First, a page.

Twenty-three-year-old Mariano Ferreira, a Workers Party (PO) activist, was shot dead in Buenos Aires on October 8 when a mob violently attacked protesting railway workers.
The protesters, all of them labour hire workers, were demanding their reinstatement after being sacked.
The attack was similar those against other workers in comparable circumstances who have demanded rights denied by the bosses. Often the bosses’ have acted with local union support.
Seven people were arrested over the attack. One of those arrests was a delegate from the railway workers’ union; five were permanent workers on the railways.
Interestingly, one who was arrested was a member of a “barrabrava”, the name commonly used to refer to the violent hooligan gangs linked to various local football teams. He was nominally employed by the same contractor that sacked the workers.
The barrabravas are a product of social marginalisation and are mostly involved in inter-football rivalries or turf wars over drugs. More recently, however, they have begun appearing in other conflicts, including being used as thugs to attack workers and social movement activists.
In this case, they were used against some of the hardest hit victims of neoliberalism.
During the privatisation drive of the 1980s and ’90s, many state-owned companies were handed over to corporate interests.
Through this process, employees were sacked and then re-employed (in many cases with 50% less pay) by a phantom company. Such companies were usually created by former executives of the state company and members of the relevant union.
When workers fought to be reinstated on the permanent payroll, they were sacked.
In this case, the violent reaction can be explained by the fact that the protesting workers had not only begun to question the role of the labour hire company, but also the union leaders. The workers were questioning they were being denied the right to be members of the union and be protected by industrial law.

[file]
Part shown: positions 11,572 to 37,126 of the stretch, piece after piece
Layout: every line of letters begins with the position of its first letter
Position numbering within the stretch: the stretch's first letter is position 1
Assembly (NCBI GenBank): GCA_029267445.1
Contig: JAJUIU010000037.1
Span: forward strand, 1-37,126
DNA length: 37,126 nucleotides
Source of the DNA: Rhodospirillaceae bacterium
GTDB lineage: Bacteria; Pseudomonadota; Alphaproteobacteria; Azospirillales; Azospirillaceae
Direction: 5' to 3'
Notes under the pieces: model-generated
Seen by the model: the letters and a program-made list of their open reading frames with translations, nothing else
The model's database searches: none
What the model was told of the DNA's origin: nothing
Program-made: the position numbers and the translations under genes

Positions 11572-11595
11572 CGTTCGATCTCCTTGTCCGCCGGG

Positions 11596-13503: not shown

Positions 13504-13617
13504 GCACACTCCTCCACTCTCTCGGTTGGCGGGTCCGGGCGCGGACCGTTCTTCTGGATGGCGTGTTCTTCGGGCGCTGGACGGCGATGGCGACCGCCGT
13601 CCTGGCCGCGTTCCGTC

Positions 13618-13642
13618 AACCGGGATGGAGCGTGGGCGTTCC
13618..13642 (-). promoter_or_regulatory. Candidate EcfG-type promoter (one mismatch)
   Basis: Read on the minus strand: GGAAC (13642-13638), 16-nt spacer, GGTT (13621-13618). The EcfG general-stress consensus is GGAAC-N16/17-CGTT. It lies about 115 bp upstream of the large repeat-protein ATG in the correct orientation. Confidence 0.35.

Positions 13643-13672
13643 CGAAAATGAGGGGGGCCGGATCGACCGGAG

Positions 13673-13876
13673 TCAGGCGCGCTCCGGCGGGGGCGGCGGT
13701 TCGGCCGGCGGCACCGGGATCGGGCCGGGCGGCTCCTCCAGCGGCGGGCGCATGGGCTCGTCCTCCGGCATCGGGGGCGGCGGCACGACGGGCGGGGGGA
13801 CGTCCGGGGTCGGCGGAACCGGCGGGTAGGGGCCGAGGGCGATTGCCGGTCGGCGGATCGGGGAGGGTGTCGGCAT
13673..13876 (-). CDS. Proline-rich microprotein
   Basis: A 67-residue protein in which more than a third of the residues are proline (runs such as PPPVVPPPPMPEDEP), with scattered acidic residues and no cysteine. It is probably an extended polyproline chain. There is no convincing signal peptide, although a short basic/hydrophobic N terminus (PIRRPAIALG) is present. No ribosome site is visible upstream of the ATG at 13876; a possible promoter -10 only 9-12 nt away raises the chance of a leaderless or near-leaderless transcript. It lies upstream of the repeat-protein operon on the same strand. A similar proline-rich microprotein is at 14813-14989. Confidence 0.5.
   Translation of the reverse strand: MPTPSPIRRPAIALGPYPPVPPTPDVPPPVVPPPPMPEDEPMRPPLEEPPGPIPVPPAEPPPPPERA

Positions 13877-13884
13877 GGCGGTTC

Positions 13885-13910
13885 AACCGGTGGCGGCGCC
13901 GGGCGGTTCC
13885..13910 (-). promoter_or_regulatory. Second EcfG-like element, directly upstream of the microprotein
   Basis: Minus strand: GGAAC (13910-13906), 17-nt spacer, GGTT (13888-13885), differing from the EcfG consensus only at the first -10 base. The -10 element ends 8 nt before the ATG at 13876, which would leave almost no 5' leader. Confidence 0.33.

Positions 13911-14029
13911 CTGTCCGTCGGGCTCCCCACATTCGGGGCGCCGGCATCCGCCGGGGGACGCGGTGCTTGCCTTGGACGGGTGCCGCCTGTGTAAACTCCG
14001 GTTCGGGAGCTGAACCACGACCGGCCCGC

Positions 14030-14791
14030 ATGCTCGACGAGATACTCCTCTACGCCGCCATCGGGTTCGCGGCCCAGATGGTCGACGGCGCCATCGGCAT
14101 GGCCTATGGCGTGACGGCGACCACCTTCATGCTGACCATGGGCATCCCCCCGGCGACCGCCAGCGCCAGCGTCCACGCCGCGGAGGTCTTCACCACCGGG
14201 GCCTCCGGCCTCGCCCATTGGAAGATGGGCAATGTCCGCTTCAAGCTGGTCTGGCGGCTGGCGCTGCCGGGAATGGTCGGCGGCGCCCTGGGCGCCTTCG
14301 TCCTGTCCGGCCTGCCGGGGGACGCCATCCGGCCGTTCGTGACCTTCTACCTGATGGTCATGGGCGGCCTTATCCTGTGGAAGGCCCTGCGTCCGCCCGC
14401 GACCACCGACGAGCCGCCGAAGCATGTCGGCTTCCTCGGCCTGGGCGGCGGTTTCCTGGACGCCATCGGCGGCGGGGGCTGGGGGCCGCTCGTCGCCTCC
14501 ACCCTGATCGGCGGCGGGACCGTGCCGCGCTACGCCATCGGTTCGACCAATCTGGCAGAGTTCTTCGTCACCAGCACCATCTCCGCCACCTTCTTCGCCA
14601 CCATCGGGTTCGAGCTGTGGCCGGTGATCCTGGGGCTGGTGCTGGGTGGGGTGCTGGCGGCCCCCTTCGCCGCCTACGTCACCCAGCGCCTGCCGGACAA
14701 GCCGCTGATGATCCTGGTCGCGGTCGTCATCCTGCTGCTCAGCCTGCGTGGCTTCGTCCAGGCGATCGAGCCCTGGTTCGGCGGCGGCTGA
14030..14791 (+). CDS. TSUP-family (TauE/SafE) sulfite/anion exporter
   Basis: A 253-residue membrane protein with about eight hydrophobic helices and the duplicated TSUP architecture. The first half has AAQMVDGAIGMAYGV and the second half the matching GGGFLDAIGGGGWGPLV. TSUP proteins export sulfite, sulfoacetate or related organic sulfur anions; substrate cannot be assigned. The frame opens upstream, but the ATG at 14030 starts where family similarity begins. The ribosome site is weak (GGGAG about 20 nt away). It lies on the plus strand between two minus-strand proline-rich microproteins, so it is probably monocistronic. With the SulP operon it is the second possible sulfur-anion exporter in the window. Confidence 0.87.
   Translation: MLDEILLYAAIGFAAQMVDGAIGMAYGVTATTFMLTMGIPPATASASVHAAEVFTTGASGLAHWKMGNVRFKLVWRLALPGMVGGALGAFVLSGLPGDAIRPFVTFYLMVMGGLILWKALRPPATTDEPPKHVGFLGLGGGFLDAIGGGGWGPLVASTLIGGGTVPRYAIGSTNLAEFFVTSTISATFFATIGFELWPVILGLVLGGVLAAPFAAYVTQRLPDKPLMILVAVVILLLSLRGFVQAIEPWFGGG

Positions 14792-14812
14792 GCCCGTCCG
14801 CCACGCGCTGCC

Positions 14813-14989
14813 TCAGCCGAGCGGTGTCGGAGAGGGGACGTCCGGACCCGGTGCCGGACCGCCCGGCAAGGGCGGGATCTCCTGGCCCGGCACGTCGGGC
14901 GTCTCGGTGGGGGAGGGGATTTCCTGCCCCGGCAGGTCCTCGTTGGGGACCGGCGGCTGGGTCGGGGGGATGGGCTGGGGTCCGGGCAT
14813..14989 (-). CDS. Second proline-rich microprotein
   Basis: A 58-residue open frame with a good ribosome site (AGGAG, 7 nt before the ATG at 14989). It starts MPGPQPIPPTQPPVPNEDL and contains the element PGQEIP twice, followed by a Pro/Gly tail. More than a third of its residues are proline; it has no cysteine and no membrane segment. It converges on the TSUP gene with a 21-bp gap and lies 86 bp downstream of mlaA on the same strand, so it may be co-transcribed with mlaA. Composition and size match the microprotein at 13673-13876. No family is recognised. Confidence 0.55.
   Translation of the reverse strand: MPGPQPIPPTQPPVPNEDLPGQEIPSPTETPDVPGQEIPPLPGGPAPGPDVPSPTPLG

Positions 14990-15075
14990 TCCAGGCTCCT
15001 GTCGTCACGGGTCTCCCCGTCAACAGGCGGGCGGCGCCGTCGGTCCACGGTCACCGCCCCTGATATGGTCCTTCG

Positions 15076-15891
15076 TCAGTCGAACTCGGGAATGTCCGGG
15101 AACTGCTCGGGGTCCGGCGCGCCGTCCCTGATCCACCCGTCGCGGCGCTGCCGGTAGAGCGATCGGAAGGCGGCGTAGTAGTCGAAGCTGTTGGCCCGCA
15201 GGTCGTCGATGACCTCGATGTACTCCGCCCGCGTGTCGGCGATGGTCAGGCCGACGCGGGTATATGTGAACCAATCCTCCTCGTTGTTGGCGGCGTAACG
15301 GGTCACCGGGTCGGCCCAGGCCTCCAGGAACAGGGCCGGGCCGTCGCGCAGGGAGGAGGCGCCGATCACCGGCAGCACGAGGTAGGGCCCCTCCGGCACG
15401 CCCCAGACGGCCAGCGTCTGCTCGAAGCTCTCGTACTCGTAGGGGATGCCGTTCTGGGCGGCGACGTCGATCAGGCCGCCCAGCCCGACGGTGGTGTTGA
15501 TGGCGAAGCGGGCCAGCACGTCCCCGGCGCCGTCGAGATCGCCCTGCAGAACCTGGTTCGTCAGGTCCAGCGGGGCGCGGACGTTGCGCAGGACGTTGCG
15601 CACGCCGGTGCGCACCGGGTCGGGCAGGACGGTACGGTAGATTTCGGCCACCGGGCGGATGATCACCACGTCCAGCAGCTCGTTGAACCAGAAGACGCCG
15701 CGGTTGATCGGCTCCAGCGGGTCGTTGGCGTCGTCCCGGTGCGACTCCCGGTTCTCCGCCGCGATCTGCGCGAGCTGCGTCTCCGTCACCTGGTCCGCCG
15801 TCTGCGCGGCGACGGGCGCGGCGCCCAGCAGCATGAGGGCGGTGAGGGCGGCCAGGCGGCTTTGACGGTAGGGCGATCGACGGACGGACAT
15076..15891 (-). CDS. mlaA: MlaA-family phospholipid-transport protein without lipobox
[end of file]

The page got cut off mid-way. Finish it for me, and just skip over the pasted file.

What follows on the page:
Moreover, the workers denounced the big cut that union leaders were receiving from the contractors. These payments were under threat if the workers regained permanency.
Argentine unionism dates back more than 100 years, with early forms of workers’ organisations established mostly by migrant anarchists from Europe and later by socialists and communists.
A new era in Argentine unionism was ushered in on October 17, 1945, when workers mobilised to help bring General Juan Peron to government. The next year, this support was ratified when the Labour Party, formed by leaders of the workers’ movement, ensured Peron was elected president with a healthy majority.
Peron’s dilemma was that he could not tolerate having a party based on unions forming the basis of his government. He dissolved it and issued a call to form a Peronist Party.
Those union leaders who accepted Peron’s call were allowed into the new party, but those who refused were attacked and arrested.
Under Peron, workers were for the first time granted full industrial rights, such as the eight-hour day, holiday pay, sick pay and collective industry-wide bargaining.
At the same time, Peron worked to create a layer of union leaders loyal to him that would help him maintain social and political control over the union movement.
Union autonomy, including the right to take strike action, was repressed.